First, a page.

While insurance companies will often tell you that they are there for you when you need them most, the plain truth is that if you are involved in a car accident and sue the at-fault driver, an insurance company will nearly always step in to defend the claim. In these circumstances, the notionally friendly insurance company becomes your adversary. Put simply, the insurance company is not always your friend. This is a fact you should always bear in mind when sharing information and pictures with your “friends” on Facebook, Twitter and other social media sites.
The case of Kourtesis v. Joris serves as a good example of how insurance companies may “creep” on a plaintiff’s Facebook profile to troll for information to use against you at trial.
Fotini Kourtesis, was one of the plaintiffs in Kourtesis. She was involved in a car accident as an 18 year old high school student. She was hit from behind and there was no question that the defendant driver was at fault. The main issue at trial was whether Fotini sustained sufficient injuries to warrant an award for damages for pain and suffering and loss of enjoyment of life.
As a result of the accident, Fotini claimed to have suffered injuries to her neck and shoulders as well as memory and concentration problems. As a result of these injuries, Fotini said, her social life had been ruined.
Facebook Photos Used in Court
In the middle of the trial, the defendant’s lawyers gained access to pictures of Fotini that she posted on Facebook. Possibly, the lawyer gained access through a Facebook friend of Fotini’s. The Defendant’s lawyers then got an order from the Court allowing them access to more pictures on Fotini’s Facebook account. The pictures showed, among other things, Fotini partying on St. Patrick’s day three months before the trial.
Fotini was given an opportunity to address the photos at trial and she provided an animated and detailed account of the times and places of the events depicted. The Court found that the pictures contradicted her allegations regarding her social life being ruined, and that her testimony with respect to the pictures completely undermined her claim to have suffered memory and concentration problems. Her claim for damages for pain and suffering was dismissed. In sum, the pictures and her explanations of those pictures sunk her case.
Insurance Company Access to Facebook Photos Not Automatic
Following the decision in Fotini’s case, insurance companies’ lawyers’ requests to access accident victims’ Facebook profiles have been met with mixed success. On the one hand, the Court will not likely ever permit an insurance company full access to a plaintiff’s Facebook profile as much of the information is private and not relevant to the law suit. On the other hand, Courts are willing to conclude that there are likely relevant documents or pictures on a private Facebook account based on the nature of the services Facebook provides.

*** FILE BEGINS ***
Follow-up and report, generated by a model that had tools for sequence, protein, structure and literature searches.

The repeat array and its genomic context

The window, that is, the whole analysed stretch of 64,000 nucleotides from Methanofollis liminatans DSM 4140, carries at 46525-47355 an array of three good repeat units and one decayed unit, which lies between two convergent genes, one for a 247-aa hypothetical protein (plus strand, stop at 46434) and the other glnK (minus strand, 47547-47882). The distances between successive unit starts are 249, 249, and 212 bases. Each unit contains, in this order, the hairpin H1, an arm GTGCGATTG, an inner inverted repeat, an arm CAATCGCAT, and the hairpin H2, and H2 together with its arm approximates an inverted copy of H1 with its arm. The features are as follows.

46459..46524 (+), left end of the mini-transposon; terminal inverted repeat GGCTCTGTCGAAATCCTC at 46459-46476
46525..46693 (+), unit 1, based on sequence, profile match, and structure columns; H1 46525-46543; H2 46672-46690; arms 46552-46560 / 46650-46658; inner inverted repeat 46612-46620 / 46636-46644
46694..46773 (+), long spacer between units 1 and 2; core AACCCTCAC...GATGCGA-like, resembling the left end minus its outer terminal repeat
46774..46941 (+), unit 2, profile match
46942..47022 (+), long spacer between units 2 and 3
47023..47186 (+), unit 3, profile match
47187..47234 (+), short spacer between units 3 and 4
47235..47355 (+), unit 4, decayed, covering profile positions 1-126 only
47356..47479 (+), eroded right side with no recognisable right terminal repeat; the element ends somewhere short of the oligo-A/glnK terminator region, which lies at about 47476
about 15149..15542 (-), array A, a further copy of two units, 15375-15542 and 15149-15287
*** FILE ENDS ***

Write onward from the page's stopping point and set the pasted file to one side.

It seems that a plaintiff in a lawsuit has an obligation to disclose and produce relevant photos and documents on a Facebook account. Photos of a plaintiff sitting next to a pool, for instance, are irrelevant because they don’t prove anything one way or another. On the other hand, photos of an accident victim at the top of Mount Everest or finishing a marathon would certainly be relevant.
What does all this mean to accident victims and what lessons are there to be learned?
First and foremost, if you are the type of person who keeps a public profile, posts updates for the world to see and tends to live tweet every moment of your life, there is very little to learn; the insurance companies will have access to your public profiles and will search for anything useful to reduce the damages on your case. So, the first lesson is, if you are going to use social media, to keep all of your social network profiles private and viewable only to your “friends” – and not “friends of friends”, which is what caused Fotini all that trouble.
People involved in personal injury lawsuits should certainly be aware that what they post online may end up as evidence in court and, therefore, should be careful not to make statements that are inconsistent with the photos they post online; don’t say you can’t walk for long periods of time and then post pictures of yourself finishing the most recent Tough Mudder or Iron Man competition.
The easiest way to make sure social media doesn’t complicate your case is to unplug from Facebook and other social media sites until your case is over.
Ultimately, the best way to protect your interests as a plaintiff in a personal injury lawsuit is to be truthful about your limitations and consistent in your actions.
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